Many of the TV series I get to watch are recommended to me by readers who know I’m just as interested in a good story as they are. Also, now Netflix is sending me recommendations, which, given my eclectic tastes, can be fraught. The odd whacky title they’ve recommended, though, I’ve still taken a look at and sometimes have been pleasantly surprised.
Death Comes to Pemberley, however, I tripped over completely by accident. It was at the bottom of another series I had been watching and the name, Pemberley, caught my attention.
I admit I was wary. I love and adore Pride and Prejudice, the book and the several filmed versions of it. Keira Knightley’s version is front runner in film still, but it’s been a long while since I saw the Colin Firth version…
Then there are aberrations like Pride and Prejudice and Zombies. I still can’t believe they filmed that. I realize it wasn’t meant to be taken seriously, and I didn’t. Not for moment. But neither could I enjoy it. There are some historical inaccuracies I can put up with to enjoy a story–most often, women in modern historical romances have far more freedom and independence than they actually did, but to write a romance that features a properly subjugated woman would…well, it wouldn’t be a romance. And romance readers would quite properly toss it across the room in disgust.
So I’m not such a stickler for historical accuracy that I can’t unbend enough to enjoy a story for what it is. I just couldn’t bend that much for zombies. It doesn’t help that I don’t like zombies in the first place.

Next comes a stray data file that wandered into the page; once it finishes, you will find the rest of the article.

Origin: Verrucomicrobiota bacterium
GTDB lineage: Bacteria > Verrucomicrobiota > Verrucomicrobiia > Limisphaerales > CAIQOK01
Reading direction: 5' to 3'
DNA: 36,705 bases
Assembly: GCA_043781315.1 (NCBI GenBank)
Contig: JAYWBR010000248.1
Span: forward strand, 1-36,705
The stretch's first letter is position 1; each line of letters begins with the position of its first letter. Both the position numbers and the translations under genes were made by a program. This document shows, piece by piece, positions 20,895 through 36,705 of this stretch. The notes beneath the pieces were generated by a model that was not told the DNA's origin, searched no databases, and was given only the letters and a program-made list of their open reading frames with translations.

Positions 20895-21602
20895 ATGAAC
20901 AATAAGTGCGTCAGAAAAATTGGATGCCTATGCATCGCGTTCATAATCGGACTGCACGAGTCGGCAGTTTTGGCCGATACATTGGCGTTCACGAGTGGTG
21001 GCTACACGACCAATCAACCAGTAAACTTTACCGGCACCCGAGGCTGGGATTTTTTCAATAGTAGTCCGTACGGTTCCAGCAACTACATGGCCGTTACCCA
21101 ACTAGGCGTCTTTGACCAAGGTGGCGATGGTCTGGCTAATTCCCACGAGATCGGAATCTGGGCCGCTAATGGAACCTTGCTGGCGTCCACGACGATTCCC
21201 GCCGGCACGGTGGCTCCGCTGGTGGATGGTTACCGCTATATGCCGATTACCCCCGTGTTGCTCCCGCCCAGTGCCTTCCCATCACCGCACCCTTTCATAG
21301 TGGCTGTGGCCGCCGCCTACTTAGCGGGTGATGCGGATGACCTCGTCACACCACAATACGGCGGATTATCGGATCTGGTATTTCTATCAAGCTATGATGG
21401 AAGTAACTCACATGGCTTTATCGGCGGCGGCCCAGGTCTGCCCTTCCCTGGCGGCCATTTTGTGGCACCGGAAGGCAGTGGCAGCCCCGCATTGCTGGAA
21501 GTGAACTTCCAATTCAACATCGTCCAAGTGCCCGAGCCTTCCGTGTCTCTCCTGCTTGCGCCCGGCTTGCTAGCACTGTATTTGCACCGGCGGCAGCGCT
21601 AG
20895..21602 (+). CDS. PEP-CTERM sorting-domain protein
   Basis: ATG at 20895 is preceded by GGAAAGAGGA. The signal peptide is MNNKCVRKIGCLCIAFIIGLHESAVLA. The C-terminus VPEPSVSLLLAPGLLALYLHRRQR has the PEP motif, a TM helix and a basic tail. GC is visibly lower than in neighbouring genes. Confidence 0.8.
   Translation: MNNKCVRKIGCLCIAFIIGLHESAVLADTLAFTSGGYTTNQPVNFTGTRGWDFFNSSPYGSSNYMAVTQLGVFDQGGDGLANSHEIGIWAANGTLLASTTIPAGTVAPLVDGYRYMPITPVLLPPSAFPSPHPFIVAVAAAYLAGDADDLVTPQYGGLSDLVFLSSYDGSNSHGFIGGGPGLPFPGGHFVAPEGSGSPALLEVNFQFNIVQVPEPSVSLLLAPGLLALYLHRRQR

So I sat down to watch Death Comes to Pemberley with a fair amount of trepidation. I knew it was a murder mystery going in, because the best selling book was written by PD James. I mean, how awful could it be? The worst, I decided, was that James had dropped a modern murder mystery into the middle of Pemberley and Elizabeth ran around sleuthing and questioning everyone, which would make it a curiosity piece worth watching just once to see how Matthew Rhys went as Darcy (which is always the benchmark, right?).
I watched all three episodes of the mini-series, and I admit I was still holding my breath by the end of the first episode.
The problem was: Darcy wasn’t Matthew MacFadyen. Elizabeth wasn’t Keira Knightley. And Wickham wasn’t Rupert Friend.
However, I was conditionally prepared to move on because the story did not involve Elizabeth bent over a body with a magnifying glass. In fact the first episode nicely slotted into all the facts and characters in Pride and Prejudice and everyone was behaving exactly as they should, six years after the ending of Jane Austen’s novel. I suspect that PD James was very aware of the huge heritage she was tapping into and writing all over the top of. Kudos to her: She was respectful.
In fact, by the end of the three episodes, I had to acknowledge she’d done a brilliant job. All the characters behaved the way they should. Wickham, by the way, was absolutely perfect. The historical mores and morals of the time were maintained and in fact, the whole mystery could not have happened if they had not. That’s why I decided I loved the series. It was true to Austen, true to the times, and as a small bonus, the exteriors were all filmed at Chatsworth House in Derbeyshire, where the Keira Knightly Pemberley was filmed.
I really enjoyed seeing Lizzy and Mr. Darcy after their romance.
But the Pulse Pause Moment for me came right at the end, when Elizabeth, with split second timing, saves the day. I’m trying very hard not to spoil this, but Wickham’s reaction was so telling about the river of strong feelings running beneath his “I don’t give a damn” facade. Just lovely!
I enjoyed it so much I didn’t mind that I had pegged the killer early in the second episode (but that happens a lot for me).
Death Comes to Pemberley is currently available on Netflix. Do give it a try.
Free 4 Book Library!
Subscribe to my newsletter and get four full, commercially-available novels. Try my fiction for free and see how you like it!